on the premise that most people learn about vulnerabilities not from
security lists but from security bulletins, tech news sites, user forums etc.)

best regards,

marek
Barry K. Nathan
2005-01-13 05:38:07 UTC
Permalink
Post by Marek Habersack
archived mail message or a webpage with the patch. Hoping he'll find the
fixes in the vendor kernels, he goes to download source packages from SuSe,
RedHat or Trustix, Debian, Ubuntu, whatever and discovers that it is as easy
to find the patch there as it is to fish it out of the vanilla kernel patch
for the new version. Frustrating, isn't it? Not to mention that he might
http://linux.bkbits.net is your friend.

Each patch (including security fixes) in the mainline kernels (2.4 and
2.6) appears there as an individual, clickable link with a description
(e.g. "1.1551 Paul Starzetz: sys_uselib() race vulnerability
(CAN-2004-1235)").

If other patches have gone in since then, you may have to scroll through
a (short-form) changelog. However, it's still less frustrating than the
scenario you portray.

-Barry K. Nathan <***@pobox.com>
Florian Weimer
2005-01-13 08:59:00 UTC
Permalink
Post by Barry K. Nathan
Post by Marek Habersack
archived mail message or a webpage with the patch. Hoping he'll find the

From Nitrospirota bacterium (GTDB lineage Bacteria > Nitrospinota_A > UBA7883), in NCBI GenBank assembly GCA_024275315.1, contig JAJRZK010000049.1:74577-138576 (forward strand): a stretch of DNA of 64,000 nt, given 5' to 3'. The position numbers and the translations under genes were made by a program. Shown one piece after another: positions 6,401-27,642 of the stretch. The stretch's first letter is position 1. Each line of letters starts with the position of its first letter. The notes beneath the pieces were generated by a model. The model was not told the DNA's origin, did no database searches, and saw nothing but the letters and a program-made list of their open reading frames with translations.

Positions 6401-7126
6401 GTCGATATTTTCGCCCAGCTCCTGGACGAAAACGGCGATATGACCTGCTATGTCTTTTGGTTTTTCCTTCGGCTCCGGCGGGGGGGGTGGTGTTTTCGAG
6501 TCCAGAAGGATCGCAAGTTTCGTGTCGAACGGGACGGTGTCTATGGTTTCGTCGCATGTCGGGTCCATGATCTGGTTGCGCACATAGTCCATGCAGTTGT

fixes in the vendor kernels, he goes to download source packages from SuSe,
RedHat or Trustix, Debian, Ubuntu, whatever and discovers that it is as easy
to find the patch there as it is to fish it out of the vanilla kernel patch
for the new version. Frustrating, isn't it? Not to mention that he might
http://linux.bkbits.net is your friend.
Each patch (including security fixes) in the mainline kernels (2.4 and
2.6) appears there as an individual, clickable link with a description
(e.g. "1.1551 Paul Starzetz: sys_uselib() race vulnerability
(CAN-2004-1235)").
This is the exception. Usually, changelogs are cryptic, often
deliberately so. Do you still remember Alan's DMCA protest
changelogs?
Barry K. Nathan
2005-01-13 15:31:07 UTC
Permalink
Post by Florian Weimer
This is the exception. Usually, changelogs are cryptic, often
deliberately so. Do you still remember Alan's DMCA protest
changelogs?
Yes, I remember. However, if I saw a BK changeset called "Security fixes"
or "Security fixes -- details censored in accordance with the US DMCA"
then it would obviously be a security patch worth looking at. So looking
at linux.bkbits.net would still be an improvement over looking at a raw
patch with everything combined (which is what was the complaint was
about).

-Barry K. Nathan <***@pobox.com>
Alan Cox
2005-01-13 15:36:52 UTC
Permalink
Post by Florian Weimer
This is the exception. Usually, changelogs are cryptic, often
deliberately so. Do you still remember Alan's DMCA protest
changelogs?
They were not cryptic, just following the law to the point it claimed
neccessary....

That aside right now because Linus doesn't give us heads up we vendor
spend our time scanning all Linus' diffs and playing spot the security
fix because we know the bad guys do the same, and they are rather good
at it. Its useful anyway - eg its how we found that base kernels have
broken AX.25, and several other patches got tagged for immediate revert
in the -ac tree (and of course reported back upstream to l/k) but its a
pain to have to do it this way.

Having a list that fed such notices on to vendor-sec with a date fixed